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How Big Pharma Infiltrated the Boston Museum of Science

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Do you overeat? Did your boyfriend just mangle up with you? Does no one return your emails? Do you tumble defunct at night and arise up in the morning? If so, you may be pang from mental illness! Mental illness is a rarely stigmatized, life-long condition, which millions do not even comprehend they have and only a curative drug can fix, claims Big Pharma and its operatives.

Few selling gambits have been as successful as Pharma’s betterment of bland symptoms into “mental illness.” The campaign has enabled Pharma to total “patient” groups to petition lawmakers, insurers and Medicaid and Medicare for remuneration of cost psychiatric drugs. It has allowed groups like the Pharma-funded Active Minds and NAMI to penetrate college campuses and broadcast the ups and downs of flourishing up and college life are “mental illness”––thus flourishing the market. And now it has even infiltrated Boston’s Museum of Science.

Last spring, an vaunt called Many Faces of Our Mental Health debuted at the museum, holding Pharma’s everyone-is-mentally-ill summary to museum-goers and the ubiquitous public. Visitors to the vaunt “might benefit new insights and better know the formidable inlet of mental health,” pronounced the press release. They competence “reflect on how mental health affects their own lives or the lives of friends and family.” Hey, they competence have a mental illness, too!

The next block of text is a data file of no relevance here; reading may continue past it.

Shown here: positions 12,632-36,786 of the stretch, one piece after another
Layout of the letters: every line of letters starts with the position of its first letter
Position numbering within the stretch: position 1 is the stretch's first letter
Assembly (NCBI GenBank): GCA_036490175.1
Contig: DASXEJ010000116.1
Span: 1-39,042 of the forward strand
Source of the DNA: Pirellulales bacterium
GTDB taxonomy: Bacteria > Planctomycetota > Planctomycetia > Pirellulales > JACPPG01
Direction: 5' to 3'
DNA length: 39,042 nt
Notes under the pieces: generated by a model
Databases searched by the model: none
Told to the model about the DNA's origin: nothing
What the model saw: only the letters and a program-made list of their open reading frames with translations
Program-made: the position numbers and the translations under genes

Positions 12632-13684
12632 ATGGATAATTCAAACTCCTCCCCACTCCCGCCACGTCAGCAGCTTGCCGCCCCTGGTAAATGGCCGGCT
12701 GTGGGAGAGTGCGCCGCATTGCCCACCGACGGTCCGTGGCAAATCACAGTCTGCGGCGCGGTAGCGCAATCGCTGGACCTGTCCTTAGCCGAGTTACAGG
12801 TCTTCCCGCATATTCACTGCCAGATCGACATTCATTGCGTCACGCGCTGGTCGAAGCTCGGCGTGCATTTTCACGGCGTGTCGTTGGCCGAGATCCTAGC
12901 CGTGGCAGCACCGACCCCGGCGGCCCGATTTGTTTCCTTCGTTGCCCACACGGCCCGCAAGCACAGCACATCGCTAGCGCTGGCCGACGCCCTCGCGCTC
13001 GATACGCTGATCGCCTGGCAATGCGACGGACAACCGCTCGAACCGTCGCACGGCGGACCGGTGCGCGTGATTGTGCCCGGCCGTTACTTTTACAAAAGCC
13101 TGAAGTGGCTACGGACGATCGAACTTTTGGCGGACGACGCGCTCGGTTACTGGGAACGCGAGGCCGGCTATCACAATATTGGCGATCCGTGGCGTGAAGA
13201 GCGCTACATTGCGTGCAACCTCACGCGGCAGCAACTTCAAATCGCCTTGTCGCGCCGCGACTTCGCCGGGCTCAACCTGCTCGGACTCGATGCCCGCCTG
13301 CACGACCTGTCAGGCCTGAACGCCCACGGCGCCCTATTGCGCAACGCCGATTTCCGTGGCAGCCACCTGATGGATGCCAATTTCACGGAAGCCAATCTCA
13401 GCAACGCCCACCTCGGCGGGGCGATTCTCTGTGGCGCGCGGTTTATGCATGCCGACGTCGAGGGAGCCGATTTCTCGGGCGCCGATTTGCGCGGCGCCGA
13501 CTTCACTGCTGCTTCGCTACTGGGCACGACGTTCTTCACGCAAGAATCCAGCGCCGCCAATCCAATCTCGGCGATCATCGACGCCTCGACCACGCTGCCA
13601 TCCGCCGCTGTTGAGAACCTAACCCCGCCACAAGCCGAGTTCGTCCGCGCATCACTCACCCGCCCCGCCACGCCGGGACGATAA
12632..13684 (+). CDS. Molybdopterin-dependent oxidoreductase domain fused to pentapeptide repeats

Funders of the vaunt enclosed the Pharma-backed NAMI and the Sidney R. Baer Jr. and Sidney A. Swensrud foundations, both of which highlight screening and early involvement for childhood “mental illness.” Both mechanisms are widely seen as a way to grow the marketplace for psychiatric drugs. In fact, the Baer Foundation supports the Pharma-funded Joan Luby, who not only finds mental abnormalities in toddlers but also thinks they are present in “late preterm” babies!

There is no biological test for mental illness—whether depression, stress or bipolar disorder—and until recently, basin and stress were not even deliberate mental illnesses. Now, radio drug ads, mistake studious groups and mistake open service announcements and online quizzes have constructed a groundswell of self-diagnosed “mentally ill” people. Pharma-funded studious groups like Active Minds and NAMI have even done the badge of mental illness “cool” on high school and college campuses.

“When insurers frustrate at reimbursing patients for new medication medications,” says the Los Angeles Times, these groups “typically pitch into action, rallying sufferers to seem before open and consumer panels [and] hit lawmakers.”

With an estimated one-quarter of the race now holding costly psychiatric drugs, Pharma’s everyone-is-mentally-ill ploy enriches Wall Street and raises the health caring costs. Gone are the days when bad moods were attributed to problems with finance, romance, debt, jobs, housing, careers, family, marriages and health. Worse, Pharma’s everyone-is-mentally-ill device siphons off legitimate romantic anger at a supervision complement that keeps people bad and unable by suggesting they have a personal problem and the answer is a happy pill. Also famous as—retreat into individualism.

“People vital with mental illness can lead very prolific lives and this muster highlights this critical concept,” pronounced Christine Reich, clamp boss of vaunt growth and conservation, about the Museum of Science vaunt adding this blurb for costly Pharma drugs: “Mental illness is severely affect[ed] by the diagnosis options that are available.”


Martha Rosenberg is an inquisitive health contributor and the author of “Born With a Junk Food Deficiency: How Flaks, Quacks and Hacks Pimp the Public Health (Random House).”

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